An art installation near Bethesda-Chevy Chase High School features nearly 200 white T-shirts hanging on a fence inscribed with magic market. The shirts symbolize the 199 teen victims of gun violence in 2018, alone, student organizers say.
BETHESDA, Md. — Almost 200 white T-shirts hanging on a high school fence, each inscribed in magic marker with the name of a teenage victim of recent gun violence, was a striking image for commuters, Friday.
“They memorialize the 199 teenage victims of gun violence in just 2018 alone, said Bethesda-Chevy Chase High School student Emily Schrader, who organized the art installation, which was visible to drivers on busy East-West Highway.
On each shirt is the name of a student and the student’s age when they were killed.
Nearby, on the front path to the school, 12 orange shirts on wooden stakes are inscribed with the name of the 12 students killed in the Columbine school shooting, which took place 19 years ago, on April 20, 1999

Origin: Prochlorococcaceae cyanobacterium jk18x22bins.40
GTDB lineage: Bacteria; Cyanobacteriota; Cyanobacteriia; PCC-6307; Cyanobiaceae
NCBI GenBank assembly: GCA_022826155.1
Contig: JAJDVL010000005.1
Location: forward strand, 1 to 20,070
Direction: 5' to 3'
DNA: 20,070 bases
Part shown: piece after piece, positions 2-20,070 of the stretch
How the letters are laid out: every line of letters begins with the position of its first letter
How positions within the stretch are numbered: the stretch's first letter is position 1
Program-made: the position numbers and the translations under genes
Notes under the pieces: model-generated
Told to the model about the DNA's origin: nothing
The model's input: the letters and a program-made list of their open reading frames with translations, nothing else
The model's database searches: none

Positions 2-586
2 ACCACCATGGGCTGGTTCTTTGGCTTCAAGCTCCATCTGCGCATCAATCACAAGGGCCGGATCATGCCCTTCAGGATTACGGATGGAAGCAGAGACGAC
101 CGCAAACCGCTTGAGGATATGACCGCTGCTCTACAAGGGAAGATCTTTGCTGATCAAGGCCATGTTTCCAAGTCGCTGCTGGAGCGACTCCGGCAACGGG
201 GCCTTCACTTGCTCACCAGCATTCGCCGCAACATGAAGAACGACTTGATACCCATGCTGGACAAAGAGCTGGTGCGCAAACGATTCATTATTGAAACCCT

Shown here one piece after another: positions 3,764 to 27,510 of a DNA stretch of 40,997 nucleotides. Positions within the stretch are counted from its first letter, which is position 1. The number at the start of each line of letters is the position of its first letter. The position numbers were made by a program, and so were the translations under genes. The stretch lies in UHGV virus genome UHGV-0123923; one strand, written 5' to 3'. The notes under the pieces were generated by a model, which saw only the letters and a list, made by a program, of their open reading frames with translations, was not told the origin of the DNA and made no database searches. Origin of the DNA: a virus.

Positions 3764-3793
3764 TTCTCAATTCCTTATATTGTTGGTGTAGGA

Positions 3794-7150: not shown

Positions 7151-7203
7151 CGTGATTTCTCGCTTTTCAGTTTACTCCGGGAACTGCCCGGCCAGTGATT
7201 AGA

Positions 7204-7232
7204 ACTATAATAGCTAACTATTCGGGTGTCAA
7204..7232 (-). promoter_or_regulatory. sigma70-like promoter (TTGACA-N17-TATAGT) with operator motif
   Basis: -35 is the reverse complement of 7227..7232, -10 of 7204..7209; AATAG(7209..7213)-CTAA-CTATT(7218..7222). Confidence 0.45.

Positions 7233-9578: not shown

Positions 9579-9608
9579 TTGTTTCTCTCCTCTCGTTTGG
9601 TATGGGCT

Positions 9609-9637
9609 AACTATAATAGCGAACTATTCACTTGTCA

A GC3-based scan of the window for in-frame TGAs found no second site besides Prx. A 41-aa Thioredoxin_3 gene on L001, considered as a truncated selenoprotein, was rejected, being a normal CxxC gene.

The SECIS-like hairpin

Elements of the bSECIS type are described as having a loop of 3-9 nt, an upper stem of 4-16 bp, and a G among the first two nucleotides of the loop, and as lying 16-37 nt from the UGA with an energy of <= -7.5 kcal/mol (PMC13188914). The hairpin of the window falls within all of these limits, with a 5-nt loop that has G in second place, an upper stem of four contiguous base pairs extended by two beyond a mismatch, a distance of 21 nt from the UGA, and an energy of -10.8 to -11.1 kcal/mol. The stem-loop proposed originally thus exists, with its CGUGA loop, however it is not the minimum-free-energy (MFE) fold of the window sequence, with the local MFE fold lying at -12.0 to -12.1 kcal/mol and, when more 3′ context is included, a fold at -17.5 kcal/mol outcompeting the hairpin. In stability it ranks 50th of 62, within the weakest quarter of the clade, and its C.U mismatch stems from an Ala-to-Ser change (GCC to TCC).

“We’re all working for common-sense gun legislation, but we didn’t want to forget the everyday violence that is prevalent throughout communities and our schools,” Schrader said, standing on the sidewalk in front of the large high school.
The memorial comes the same day students gathered in front of the White House for a rally and march to the Capitol, calling for strengthened gun laws.
“When Columbine happened, it was the first event like that, and people thought it was going to be the last,” Schrader said. “And that didn’t happen.”
“Tragedy after tragedy after tragedy, we’ve grown up in an age where it’s not out of the normal to see kids gunned down at school,” she said.
At 17, Schrader has never known a pre-Columbine world.
“I think the first shooting that really affected me was the Sandy Hook massacre (in 2012),” she said. “I remember my parents came up to me and said something terrible happened. They explained it, and I could not fathom why someone would shoot kids at school.”
In the wake of Sandy Hook, Schrader said she and her classmates have always lived with the specter of school shootings.
“They were in first grade, so young, and so close to my age. I think it really affected the way I see violence. It made it seem even more real for me.”
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